The TSA’s full body scans and the enhanced pat-down procedures have been the target of growing criticism. Some passengers have shared horror stories of pat downs that seemed too invasive or intimate.

A Michigan man said that he endured what he called an “extremely embarrassing” pat down this month. Thomas Sawyer, a bladder cancer survivor who has worn a urostomy bag since a surgery three years ago, said a TSA agent at Detroit Metropolitan Airport caused the seal of the bag to open partially during a pat down, spilling urine on his clothes.

Pistole said he spoke to Sawyer this week and had a “very good conversation.” He said that he is taking Sawyer up on his offer to speak to TSA agents and educate them about external medical devices.

Pistole said he is sensitive to concerns raised by critics who say the scans and pat downs violate individual privacy, but he repeated, as he has the past few days, that his agency is attempting to strike a balance between those concerns and travelers’ security.

Delta Air Lines said it might offer refunds if travelers are concerned about security measures, but spokesman Kent Landers said the circumstances would need to be “highly extenuating.” If there is a “very unusual or extenuating circumstance, we’ll work with them on a case-by-case basis,” he said. But in general, customers should expect normal ticketing rules to apply.

Organizers of the opt-out day said on their website, “The goal of National Opt-Out Day is to send a message to our lawmakers that we demand change. We have a right to privacy and buying a plane ticket should not mean that we’re guilty until proven innocent.”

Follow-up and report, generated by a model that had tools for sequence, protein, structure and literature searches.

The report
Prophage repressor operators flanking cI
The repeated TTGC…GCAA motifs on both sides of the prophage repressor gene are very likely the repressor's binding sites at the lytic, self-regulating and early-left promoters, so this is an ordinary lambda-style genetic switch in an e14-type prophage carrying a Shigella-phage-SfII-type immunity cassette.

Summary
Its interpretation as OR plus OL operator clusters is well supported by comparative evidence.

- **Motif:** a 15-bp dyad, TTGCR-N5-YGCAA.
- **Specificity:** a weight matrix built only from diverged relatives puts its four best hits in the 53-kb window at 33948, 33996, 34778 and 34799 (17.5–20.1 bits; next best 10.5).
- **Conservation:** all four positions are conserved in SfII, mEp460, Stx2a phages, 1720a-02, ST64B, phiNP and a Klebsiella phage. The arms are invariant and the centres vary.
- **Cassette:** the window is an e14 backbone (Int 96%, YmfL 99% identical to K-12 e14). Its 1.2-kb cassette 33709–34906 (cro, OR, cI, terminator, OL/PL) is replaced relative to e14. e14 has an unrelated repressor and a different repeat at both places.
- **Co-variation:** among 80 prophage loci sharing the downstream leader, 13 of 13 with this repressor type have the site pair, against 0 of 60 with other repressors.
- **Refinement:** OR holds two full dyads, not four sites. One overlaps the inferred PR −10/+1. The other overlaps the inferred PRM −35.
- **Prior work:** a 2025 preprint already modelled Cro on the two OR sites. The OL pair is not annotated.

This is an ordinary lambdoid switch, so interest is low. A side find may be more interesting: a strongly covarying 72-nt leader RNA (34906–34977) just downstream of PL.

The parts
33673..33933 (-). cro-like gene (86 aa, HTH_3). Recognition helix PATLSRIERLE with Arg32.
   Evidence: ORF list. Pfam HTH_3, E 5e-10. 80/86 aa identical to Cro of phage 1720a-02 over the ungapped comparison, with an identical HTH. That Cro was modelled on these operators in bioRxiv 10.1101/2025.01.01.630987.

Pistole acknowledged Tuesday, “If people decide intentionally to slow down the process, that will have an adverse effect on people getting on their flight on a timely basis.”

Asked about the possibility of slowing security lines and delaying people’s reunions with family members, Babb, the wewontfly.com co-founder, said, “That’s not our goal. That’s why for weeks we’ve been telling people to avoid air travel altogether.”

Although the Food and Drug Administration has said the radiation used in the scans is safe, Babb said concerns remain. “There are experts that say it’s not acceptable,” he said. “That’s a choice that the individual should make, and it should not be imposed upon us.”

Pistole said he believes the measures are necessary and cited a Gallup poll released Wednesday in which 71 percent of respondents said thorough security procedures are needed.

While the pat downs may be seen as intrusive, Pistole noted that tests of airport checkpoints have shown that people who should have been stopped have consistently been able to slip through, and a primary reason was the lack of a thorough pat down by agents.

The TSA is working with various agencies to determine whether a modification of procedures to assuage critics would compromise security, Pistole said.

The body scanners are not in every U.S. airport, although more will be put in by the end of the year, he said. Asked if the lack of them made certain airports less safe, Pistole said, “That is one of the challenges we’re dealing with.” He said there are no guarantees, but all security officials can do is make its best effort.

— CNN’s Wayne Drash and Ashley Hayes contributed to this report.